The Fed: Fed’s Bullard argues against December interest-rate hike

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Senior economics reporter

The Federal Reserve should consider pausing at its December meeting to give itself more time to understand why financial markets have become so volatile, St. Louis Fed President James Bullard said Friday.

The fact that every meeting next year is “live,” because Fed Chairman Jerome Powell will hold a news conference at all meetings, opens up “new channels” for the central bank, Bullard told reporters after a speech in Carmel, Ind.

Former Fed Chairman Alan Greenspan would sometimes hold off on an interest-rate hike at a particular meeting with a pledge to move at the next meeting in six weeks if economic conditions cooperated, Bullard said.

“The committee could contemplate using that tool if they so desired starting with the December meeting,” he said.

With a pause “you’d get a lot more information about what’s troubling the financial market,” Bullard said. In addition, officials would get a “better read” on the holiday season and fourth-quarter gross domestic product.

Another alternative would be for the Fed to go ahead with a December rate hike and send signals it was not planning to move as aggressively as expected in the future.

The St. Louis Fed president will be a voting member of the Fed’s interest-rate committee next year. He called himself the most dovish of the 17 senior Fed policy makers.

The Wall Street Journal reported Thursday that Fed officials wanted to hike in December and then take a wait-and-see attitude next year.

Earlier Friday, Fed Gov. Lael Brainard said gradual rate increases “remains appropriate in the near term” but sounded more dovish about future moves.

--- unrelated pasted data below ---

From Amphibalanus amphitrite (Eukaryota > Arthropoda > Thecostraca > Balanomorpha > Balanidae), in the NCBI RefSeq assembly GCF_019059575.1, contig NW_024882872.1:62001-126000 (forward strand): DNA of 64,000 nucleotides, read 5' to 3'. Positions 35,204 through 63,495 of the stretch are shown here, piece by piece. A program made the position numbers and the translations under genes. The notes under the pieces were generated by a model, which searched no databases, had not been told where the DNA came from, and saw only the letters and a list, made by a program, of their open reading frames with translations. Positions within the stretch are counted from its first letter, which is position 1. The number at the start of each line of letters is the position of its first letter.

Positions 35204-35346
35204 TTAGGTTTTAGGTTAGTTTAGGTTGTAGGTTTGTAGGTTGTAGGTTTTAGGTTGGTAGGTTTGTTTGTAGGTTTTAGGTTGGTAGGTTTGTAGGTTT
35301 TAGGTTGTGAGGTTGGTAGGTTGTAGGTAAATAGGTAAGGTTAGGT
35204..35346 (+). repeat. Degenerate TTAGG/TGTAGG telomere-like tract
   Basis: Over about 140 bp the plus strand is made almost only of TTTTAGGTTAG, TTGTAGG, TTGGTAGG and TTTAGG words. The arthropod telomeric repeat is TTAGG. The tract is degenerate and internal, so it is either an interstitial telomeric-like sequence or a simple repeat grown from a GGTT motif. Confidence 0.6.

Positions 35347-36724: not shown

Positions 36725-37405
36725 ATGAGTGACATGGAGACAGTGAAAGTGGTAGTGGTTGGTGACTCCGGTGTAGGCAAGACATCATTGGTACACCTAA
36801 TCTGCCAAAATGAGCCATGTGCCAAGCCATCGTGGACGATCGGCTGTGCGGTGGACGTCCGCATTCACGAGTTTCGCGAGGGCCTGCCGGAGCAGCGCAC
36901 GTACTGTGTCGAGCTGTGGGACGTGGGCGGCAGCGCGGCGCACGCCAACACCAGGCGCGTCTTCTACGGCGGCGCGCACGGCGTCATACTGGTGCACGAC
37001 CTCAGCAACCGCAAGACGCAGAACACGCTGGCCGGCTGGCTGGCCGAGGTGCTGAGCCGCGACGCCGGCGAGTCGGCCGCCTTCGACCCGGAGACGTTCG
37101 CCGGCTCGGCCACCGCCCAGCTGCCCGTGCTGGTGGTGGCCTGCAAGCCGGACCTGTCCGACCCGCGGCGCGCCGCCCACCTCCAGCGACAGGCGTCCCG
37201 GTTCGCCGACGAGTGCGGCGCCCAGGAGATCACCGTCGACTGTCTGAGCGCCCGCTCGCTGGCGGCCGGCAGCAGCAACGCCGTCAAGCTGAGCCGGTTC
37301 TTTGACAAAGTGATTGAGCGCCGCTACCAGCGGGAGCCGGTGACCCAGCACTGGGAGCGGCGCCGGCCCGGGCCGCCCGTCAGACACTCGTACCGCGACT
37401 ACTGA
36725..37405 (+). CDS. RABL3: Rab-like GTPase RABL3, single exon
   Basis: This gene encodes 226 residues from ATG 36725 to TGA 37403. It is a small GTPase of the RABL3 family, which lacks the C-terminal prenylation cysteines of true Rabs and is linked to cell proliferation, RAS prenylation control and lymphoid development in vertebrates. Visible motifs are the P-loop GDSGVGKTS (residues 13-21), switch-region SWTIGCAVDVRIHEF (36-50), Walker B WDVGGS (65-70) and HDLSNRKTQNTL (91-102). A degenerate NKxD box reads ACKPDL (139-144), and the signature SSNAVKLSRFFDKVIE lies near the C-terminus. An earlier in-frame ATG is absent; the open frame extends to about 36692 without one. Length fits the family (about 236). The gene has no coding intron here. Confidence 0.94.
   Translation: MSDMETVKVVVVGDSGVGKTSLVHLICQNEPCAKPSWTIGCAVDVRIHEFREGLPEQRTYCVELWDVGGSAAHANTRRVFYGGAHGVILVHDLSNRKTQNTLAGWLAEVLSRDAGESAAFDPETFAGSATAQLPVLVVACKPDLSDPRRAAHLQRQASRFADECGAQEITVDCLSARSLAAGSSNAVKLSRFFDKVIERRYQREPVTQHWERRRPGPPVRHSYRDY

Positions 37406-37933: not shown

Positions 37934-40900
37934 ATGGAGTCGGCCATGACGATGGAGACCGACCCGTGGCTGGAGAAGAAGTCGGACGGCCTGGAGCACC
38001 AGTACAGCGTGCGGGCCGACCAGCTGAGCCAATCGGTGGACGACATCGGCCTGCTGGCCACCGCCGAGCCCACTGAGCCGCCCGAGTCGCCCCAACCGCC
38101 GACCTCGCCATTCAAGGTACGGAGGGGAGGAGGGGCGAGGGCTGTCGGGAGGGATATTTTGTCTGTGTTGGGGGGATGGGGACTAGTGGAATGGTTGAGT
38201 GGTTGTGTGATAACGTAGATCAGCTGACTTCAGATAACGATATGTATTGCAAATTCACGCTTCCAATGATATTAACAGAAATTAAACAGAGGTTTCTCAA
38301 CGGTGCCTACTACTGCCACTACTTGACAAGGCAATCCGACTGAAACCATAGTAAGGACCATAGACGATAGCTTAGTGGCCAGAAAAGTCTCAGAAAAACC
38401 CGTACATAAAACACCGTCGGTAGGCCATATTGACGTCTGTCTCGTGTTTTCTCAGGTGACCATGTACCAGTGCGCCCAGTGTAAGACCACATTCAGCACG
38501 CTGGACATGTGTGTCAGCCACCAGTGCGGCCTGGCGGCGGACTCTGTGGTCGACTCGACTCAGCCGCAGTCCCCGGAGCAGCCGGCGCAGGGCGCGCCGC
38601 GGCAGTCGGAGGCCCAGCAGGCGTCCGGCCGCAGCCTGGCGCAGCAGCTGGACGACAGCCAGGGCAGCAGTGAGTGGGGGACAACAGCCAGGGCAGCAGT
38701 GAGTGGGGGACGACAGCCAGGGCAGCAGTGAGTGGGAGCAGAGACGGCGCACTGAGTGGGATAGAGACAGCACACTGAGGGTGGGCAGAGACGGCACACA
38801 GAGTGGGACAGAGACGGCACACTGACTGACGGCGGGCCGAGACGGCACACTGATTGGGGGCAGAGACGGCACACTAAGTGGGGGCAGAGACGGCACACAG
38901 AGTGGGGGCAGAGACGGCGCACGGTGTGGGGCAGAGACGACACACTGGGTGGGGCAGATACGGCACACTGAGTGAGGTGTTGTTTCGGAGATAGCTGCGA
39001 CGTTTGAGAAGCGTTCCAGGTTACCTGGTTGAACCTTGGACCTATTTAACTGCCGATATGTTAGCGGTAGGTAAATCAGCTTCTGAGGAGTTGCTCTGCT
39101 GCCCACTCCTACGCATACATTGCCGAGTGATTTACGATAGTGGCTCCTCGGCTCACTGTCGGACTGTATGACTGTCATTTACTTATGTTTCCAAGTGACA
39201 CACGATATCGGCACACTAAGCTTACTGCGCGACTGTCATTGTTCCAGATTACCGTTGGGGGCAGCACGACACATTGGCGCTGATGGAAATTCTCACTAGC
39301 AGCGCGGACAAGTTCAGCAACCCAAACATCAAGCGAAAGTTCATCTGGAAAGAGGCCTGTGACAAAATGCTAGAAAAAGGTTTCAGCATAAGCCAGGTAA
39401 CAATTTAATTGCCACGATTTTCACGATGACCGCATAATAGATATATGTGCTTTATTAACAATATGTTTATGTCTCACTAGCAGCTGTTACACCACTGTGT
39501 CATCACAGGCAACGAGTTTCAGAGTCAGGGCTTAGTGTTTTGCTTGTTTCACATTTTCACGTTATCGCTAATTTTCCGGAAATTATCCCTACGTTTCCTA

See: Fed’s Brainard ever so slightly takes on more dovish tone

For his part, Bullard said he thought interest rates were already “a little bit above neutral” and therefore are restricting growth.

That is the signal the market is sending with the flattening yield curve, he said.

If the Fed hiked rates at the meeting on Dec. 19, there was a risk the yield curve could invert this year.

Bullard said the Fed tightening has entered a new chapter. Over the past two years, the Fed steadily hiked rates but economic growth continued to surprise to the upside.

But in 2019, almost all forecasters expect a slowdown. That makes it tougher to tighten monetary policy, he said.

That’s part of the story in the global market selloff in the past few days, he said.

The economy surprised to the upside in 2018 and now corporate CEOs that he has talked with are “pretty much to the person” worried about the future.

There are concerns about how much the economy will slow and how violent it will be,” he said.

Stocks tumbled again Friday, with the Dow Jones Industrial Average DJIA, -2.31%   down more than 500 points. This followed a decline of 878 points over the past two trading days.

Financial markets are pricing in one interest-rate hike in December and just one more in 2019. Yields on government debt TMUBMUSD02Y, -1.63%   have dropped dramatically this week.

Economists think the November jobs report was strong enough for the Fed to raise rates this month but would slow the pace of hikes in 2019 to two moves from the likely four moves this year.

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